Date of Graduation
Bachelor of Science
Crop, Soil and Environmental Sciences
Committee Member/Second Reader
Recent studies have examined hydroclimate precipitation reversals, but because it is a newly defined concept, there is minimal research available on how reversals are changing, and it has not been widely investigated. Precipitation reversal is the rapid switch between wet and dry periods or “precipitation extremes and the opposite” (McKay, 2018), based on precipitation measurements in this case. A single reversal is the immediate transition from a wet to a dry period or from a dry to a wet period. Changes in reversals have not been thoroughly reported and this gap in research creates a risk of unpredictable conditions that will negatively impact human activity. This research will serve to report precipitation reversals and how they may change over the state of Arkansas using observational data from Climate.gov and the National Center for Environmental Information (NCEI). Both inter-annual and seasonal and inter-annual precipitation reversal events were examined and compared between past and current periods. For seasonal data, using one standard deviation of the baseline period from 1900 to 1950, there was a total of seven reversals for 1900-1950 and 17 reversals for 1951-2021. For inter-annual calculations, there was an increase for both wet-to-dry and dry-to-wet reversals using deviations of one half, one, one and a half, and two. Both annual and seasonal averages showed an overall increase in precipitation reversals in recent years. Anthropogenic practices are heavily tied to precipitation for agriculture, safety, and recreation purposes, so any changes in amounts will have an effect.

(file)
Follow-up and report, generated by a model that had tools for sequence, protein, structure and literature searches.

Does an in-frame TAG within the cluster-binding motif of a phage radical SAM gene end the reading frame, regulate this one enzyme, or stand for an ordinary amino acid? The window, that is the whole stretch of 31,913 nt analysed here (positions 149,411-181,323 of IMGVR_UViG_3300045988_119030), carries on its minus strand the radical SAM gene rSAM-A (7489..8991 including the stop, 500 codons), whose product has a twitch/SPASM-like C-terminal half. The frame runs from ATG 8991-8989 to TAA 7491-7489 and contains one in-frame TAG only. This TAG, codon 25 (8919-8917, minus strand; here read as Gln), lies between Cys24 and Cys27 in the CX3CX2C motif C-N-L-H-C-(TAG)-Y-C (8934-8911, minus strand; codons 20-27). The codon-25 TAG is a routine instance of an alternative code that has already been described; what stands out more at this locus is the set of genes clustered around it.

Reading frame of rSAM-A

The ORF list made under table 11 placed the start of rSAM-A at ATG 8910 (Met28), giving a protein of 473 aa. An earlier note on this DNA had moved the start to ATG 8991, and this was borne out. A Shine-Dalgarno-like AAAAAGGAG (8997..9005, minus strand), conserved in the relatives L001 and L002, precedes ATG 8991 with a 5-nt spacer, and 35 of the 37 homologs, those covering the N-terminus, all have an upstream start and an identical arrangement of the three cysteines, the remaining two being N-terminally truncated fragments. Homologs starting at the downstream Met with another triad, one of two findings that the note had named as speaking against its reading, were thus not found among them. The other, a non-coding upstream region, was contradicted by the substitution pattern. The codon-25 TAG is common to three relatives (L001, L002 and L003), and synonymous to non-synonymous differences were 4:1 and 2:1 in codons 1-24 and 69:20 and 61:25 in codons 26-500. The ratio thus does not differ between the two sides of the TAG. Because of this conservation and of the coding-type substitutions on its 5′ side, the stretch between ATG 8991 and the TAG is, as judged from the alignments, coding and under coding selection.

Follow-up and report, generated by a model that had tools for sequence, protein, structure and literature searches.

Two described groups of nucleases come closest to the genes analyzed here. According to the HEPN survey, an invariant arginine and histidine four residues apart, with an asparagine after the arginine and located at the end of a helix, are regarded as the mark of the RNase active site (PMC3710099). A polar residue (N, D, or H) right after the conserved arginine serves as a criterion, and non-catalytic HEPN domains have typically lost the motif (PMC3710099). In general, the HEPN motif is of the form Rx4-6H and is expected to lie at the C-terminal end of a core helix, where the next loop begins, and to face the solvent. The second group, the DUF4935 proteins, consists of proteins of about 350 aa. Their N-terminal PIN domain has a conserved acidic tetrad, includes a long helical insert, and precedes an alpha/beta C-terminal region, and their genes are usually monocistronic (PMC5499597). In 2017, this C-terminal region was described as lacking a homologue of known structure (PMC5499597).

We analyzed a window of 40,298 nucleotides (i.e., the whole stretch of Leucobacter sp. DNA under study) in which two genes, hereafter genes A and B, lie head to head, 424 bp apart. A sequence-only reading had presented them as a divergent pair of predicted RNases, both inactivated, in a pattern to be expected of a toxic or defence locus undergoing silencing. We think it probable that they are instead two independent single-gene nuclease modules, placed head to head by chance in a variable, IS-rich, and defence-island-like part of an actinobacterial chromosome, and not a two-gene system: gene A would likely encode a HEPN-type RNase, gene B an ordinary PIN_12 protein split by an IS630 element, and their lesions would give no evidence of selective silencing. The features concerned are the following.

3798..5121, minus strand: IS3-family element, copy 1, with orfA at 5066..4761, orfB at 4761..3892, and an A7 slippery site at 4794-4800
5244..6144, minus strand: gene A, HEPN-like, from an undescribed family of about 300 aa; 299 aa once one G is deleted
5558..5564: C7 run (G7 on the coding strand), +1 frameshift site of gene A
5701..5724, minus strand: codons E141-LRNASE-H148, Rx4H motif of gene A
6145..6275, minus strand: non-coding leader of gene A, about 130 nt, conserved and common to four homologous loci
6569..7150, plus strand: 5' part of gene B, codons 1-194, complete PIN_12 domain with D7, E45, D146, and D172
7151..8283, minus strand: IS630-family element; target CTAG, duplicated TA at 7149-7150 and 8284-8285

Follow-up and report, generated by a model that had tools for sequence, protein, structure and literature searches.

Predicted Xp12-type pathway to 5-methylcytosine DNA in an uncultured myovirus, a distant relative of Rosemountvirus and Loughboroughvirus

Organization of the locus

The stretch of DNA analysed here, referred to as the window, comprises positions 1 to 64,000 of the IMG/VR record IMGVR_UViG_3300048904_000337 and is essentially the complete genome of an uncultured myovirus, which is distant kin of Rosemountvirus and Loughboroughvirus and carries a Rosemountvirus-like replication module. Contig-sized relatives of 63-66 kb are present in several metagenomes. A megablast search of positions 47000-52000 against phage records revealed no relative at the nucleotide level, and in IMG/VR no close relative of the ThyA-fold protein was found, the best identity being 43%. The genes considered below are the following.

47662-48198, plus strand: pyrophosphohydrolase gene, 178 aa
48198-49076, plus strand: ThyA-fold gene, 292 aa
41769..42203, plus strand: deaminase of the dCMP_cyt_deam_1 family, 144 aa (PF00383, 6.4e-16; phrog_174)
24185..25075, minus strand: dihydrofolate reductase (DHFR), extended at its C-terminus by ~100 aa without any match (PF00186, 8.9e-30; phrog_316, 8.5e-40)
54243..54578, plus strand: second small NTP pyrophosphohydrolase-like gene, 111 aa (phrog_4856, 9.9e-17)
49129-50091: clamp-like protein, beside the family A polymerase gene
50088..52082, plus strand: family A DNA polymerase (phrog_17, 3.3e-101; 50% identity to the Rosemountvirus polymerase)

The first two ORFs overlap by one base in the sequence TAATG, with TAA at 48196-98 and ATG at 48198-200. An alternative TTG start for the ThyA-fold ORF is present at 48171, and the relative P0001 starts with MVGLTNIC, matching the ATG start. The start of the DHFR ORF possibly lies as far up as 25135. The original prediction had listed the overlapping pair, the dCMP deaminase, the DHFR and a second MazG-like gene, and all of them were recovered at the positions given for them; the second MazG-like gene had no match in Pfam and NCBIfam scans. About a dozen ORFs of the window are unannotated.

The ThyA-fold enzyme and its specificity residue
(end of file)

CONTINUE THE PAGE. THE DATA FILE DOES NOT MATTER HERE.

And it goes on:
precipitation, reversal, climate, weather
Hoff, M. (2022). Analysis of Precipitation Reversals Over the State of Arkansas. Crop, Soil and Environmental Sciences Undergraduate Honors Theses Retrieved from https://scholarworks.uark.edu/csesuht/35
Environmental Sciences Commons, Oceanography and Atmospheric Sciences and Meteorology Commons